Whatever the dimensions, you go through your text and you count up each instance of that dimension. Each dimension can be thought of as a vector: as, literally, an arrow sticking out in some random direction from a center point, and the length of that arrow is equal to the count of items that fit that dimension. In the end you end up with a ball of arrows of various lengths pointing out in every direction. Every piece of writing will have a different ball of vectors in the end, as a kind of signature for the content of that piece.

Maybe, as they suggest in this case, you attach a weight to each instance—"horrific" gets a 10 for negative, say, while "meh" gets a 1—and so the counting is a little more subtle. But in any case, you run the text through, you get a set of score, et, voila: you've converted your text into a mechanical assessment of the various quantified aspects of the text. This one's got a long vector labeled "positive"; this other one has a short one. That history text there has a small "vivid" vector, yon pulp novel has a long one.

It's a useful approach for doing the specific thing it does: getting a rough picture of some semantic dimensions of a text according to whatever specific semantic biases you throw at it. It's not so useful for attaching any meaning or context to that rough picture; it certainly can't tell you if the writing is any good, and that feels like one of the classic traps of "use this tool to be a better writer" that gets pitched with this sort of thing. This tool will absolutely help you become a more vivid writer for the definition of "vivid" that means "uses a high density of words that we assigned high vividity weights to in our training data", and...that's all? By itself that's not gonna get you anywhere.

Like, I think the general idea of "vividness" produced here is a decent bit of semantic sorting, as far as it goes; Chuck Palahniuk, for sure! Books full of visceral spectacle. But Nobody would like Chuck Palahniuk's books—him showing up on this list would be meaningless, a "what? by who?" reaction—if they were all vomit and no compelling narrative conceits or offkilter characters, and it's highly unlikely the vividity and vomit of his stories was other than central to his writing style and goals in the first place.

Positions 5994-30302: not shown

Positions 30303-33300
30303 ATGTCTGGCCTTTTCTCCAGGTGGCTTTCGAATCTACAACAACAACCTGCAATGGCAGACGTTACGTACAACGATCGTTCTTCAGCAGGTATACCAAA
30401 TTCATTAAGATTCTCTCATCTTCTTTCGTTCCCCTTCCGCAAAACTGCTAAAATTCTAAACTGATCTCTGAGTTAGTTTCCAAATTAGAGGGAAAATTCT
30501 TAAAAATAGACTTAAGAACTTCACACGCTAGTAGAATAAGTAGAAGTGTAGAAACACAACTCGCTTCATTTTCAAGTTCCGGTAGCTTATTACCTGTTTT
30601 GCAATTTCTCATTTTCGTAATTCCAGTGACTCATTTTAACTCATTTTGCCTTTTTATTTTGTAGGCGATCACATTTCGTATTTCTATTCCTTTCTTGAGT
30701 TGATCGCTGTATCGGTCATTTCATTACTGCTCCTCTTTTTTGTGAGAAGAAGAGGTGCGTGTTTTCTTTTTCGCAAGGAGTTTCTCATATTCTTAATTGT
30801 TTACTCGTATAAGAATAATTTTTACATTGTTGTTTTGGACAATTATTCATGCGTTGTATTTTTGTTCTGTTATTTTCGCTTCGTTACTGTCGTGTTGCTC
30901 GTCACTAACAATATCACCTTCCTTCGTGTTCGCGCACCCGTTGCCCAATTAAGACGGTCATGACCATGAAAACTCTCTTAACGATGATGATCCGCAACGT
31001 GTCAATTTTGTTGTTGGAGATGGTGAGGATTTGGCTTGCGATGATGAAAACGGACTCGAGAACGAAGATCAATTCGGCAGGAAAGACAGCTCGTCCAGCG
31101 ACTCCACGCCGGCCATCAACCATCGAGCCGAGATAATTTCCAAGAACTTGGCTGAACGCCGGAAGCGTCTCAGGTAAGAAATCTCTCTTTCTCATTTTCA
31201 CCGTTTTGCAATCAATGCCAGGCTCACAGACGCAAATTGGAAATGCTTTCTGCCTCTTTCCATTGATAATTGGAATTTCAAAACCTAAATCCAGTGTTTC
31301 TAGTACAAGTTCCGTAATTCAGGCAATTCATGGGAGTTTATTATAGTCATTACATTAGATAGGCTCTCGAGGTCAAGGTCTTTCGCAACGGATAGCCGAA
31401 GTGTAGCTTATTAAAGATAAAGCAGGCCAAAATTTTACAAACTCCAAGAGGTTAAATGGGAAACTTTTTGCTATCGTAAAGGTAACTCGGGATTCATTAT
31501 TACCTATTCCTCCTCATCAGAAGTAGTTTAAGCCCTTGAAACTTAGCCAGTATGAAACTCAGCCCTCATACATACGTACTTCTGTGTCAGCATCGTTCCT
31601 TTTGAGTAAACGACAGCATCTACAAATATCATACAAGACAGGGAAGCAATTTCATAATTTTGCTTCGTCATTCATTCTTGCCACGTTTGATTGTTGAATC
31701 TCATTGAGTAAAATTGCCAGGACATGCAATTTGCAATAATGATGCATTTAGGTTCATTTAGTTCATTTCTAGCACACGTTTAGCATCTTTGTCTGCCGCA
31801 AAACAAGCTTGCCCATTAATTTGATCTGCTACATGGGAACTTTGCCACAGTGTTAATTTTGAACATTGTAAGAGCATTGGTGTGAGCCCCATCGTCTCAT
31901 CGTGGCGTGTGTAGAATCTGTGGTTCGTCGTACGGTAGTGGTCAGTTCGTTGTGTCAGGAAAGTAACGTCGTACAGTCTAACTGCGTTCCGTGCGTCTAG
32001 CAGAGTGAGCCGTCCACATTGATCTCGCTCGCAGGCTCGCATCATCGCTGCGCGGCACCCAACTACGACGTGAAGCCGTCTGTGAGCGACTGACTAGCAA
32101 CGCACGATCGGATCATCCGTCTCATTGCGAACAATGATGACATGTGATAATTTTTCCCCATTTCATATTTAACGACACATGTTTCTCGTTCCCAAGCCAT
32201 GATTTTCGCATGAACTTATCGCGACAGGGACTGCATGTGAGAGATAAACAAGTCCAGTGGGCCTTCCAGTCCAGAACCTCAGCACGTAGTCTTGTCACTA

posted by cortex at 9:21 AM on July 11 [6 favorites]


(Sees Ray Bradbury featured prominently at the top of the vividness scale. Nods approvingly.)
posted by DrAstroZoom at 12:21 PM on July 11


For example, the word “dewdrop” has a vividness score of 9.5, and the word “eyelash” has a score of 6.3.

So if your hero has tears glistening under his eyelashes like dewdrops, your writing will be like 100% vivid and you can start clearing your shelves for all the awards that will follow. Awards, meaning kudos on AO3.
posted by betweenthebars at 1:32 PM on July 11


Í would be more encouraged by this device designed to tell me when I’m overusing the passive voice, if the creators had any idea what the passive voice actually was.

On their explanation page, they give a page of a novel by Nick Hornby in which all the forms of the word “to be” are highlighted as examples of the “passive voice.”. None actually are. (The closest thing is “the drawing was hung over the fireplace” and I would argue that “was hung” is not here a passive voice verb, it’s just a copula and a participle.). But even if we grant that as a real passive, that’s one out of 11 flagged items which actually represents what it’s supposed to represent.

Even if you grant that using the passive voice is a problem, which not everyone would.

I appreciate the creator’s effort and enthusiasm but before you do tremendous amounts of calculation on tremendous amounts of literature, maybe talk to an actual English professor for a few minutes? I bet a lot of them would be super enthusiastic about learning things this way and would be very helpful, if cautious in drawing conclusions!

Or is this kind of technology supposed to obviate English professors?
posted by edheil at 5:22 PM on July 11 [2 favorites]


You can make a decent guess, with a good sentiment analysis setup, of whether a given piece of writing tends toward a positive or negative sentiment, so long as there's no confounding factors like context specific language or ironic/sarcastic tone or complicated rhetoric or all the other things human beings do with their language constantly. You could even try to control for that stuff in a given context at the expense of de-generalizing your approach, e.g. a sentiment analysis of a routinely snarky chatroom would need to be tuned different than sentiment analysis of a customer complaint line.

Oh no, Kimmy, the Internet doesn't talk like that. The Internet talks like Chandler.
posted by jonp72 at 7:50 PM on July 11


So vividness is a fixed, objective property of individual words, irrespective of structure, context, meaning, style, audience...? Doesn’t matter what I do with the words, only which ones I concatenate?
posted by Segundus at 9:40 AM on July 12